Scientists Discovered A New Hormone That’ll Make You Fall In Love And Want Sex

Do you ever feel like you're sexually and romantically broken? Like your sex drive is dead AF, and you're in no mood for any sort of romance?

Me, too!

Don't worry, babes, there might be something that can help bring our ice-cold hearts and numb libidos back to life.

According to a new study from Imperial College London, the hormone kisspeptin can actually make you feel substantially hornier and more ~romantic~.

So what the hell is kisspeptin anyway? Because it sounds like a scary, artificial ingredient that would be on the back of a Diet Coke bottle.

Well, it's actually a natural hormone that kickstarts our body's release of other reproductive hormones.

So basically, it makes you feel DTF and also kicks off the very hormones that make your body more inclined to reproduce. How convenient.

In the study, straight men were injected with either kisspeptin or a placebo and were then shown sexy and romantic images of couples (in addition to neutral images of couples) as researchers conducted MRI scans of their brains.

Interestingly enough, researchers found the boys who had been injected with kisspeptin had heightened brain activity in areas associated with sexual arousal and romance.

As a result of these findings, scientists are particularly excited to explore how kisspeptin could treat people with psychosexual disorders (sexual problems stemming from your mental health) and people with trouble conceiving.

Professor Waljit Dhillo, lead author of the study, said that previous research in this area has mostly focused on biology:

Most of the research and treatment methods for infertility to date have focussed on the biological factors that may make it difficult for a couple to conceive naturally. These, of course, play a huge part in reproduction, but the role that the brain and emotional processing play in this process are also very important, and only partially understood.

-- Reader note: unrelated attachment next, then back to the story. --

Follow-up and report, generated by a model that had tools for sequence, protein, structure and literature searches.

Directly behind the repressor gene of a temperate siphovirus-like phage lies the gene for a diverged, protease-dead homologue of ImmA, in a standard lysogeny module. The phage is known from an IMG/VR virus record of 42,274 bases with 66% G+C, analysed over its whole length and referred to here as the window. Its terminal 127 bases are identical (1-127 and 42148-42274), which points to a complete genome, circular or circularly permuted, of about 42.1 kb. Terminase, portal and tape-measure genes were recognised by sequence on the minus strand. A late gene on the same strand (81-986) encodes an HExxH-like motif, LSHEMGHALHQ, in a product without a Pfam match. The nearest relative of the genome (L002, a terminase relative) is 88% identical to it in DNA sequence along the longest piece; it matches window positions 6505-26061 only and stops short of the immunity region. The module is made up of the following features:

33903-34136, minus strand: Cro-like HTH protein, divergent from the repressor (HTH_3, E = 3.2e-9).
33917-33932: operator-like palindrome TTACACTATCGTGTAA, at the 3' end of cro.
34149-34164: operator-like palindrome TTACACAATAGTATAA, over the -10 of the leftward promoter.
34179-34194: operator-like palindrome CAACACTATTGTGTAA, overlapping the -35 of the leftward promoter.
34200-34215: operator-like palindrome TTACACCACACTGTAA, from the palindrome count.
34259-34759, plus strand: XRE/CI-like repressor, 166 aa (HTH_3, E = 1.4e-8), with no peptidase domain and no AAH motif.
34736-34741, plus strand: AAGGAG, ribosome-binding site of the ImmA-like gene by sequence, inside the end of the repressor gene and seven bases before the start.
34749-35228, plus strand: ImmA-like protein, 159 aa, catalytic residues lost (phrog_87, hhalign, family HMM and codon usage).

In addition to helping with reproduction, sex and intimacy issues, researchers are also curious to see if kisspeptin could be helpful in treating depression.

During the study, participants were not just shown sexy and romantic pictures, but they also viewed happy, fearful, neutral and negative images.

While kisspeptin didn't seem to affect any emotional brain activity when it came to neutral, happy or fearful pics, the hormone did elevate activity in areas of the brain that help us regulate our bad moods.

Participants themselves even reported they were in a better mood than they were pre-injection and scan.

If kisspeptin could help me feel hornier, more romantic and less depressed, inject me right now, honey!

But before you call your doctor and start demanding injections of kisspeptin, it's important to remember this study is still in its early stages.

Dr. Alexander Comninos, the first author of the study from the Department of Medicine at Imperial College London, said that while this is all looking pretty dang good, more research needs to be done before drawing any major conclusions:

Our study shows that kisspeptin boosts sexual and romantic brain activity as well as decreasing negative mood. This raises the interesting possibility that kisspeptin may have uses in treating psychosexual disorders and depression which are major health problems which often occur together, but further studies would be needed to investigate this.

Citations: Hormone can enhance brain activity associated with love and sex (ScienceDaily)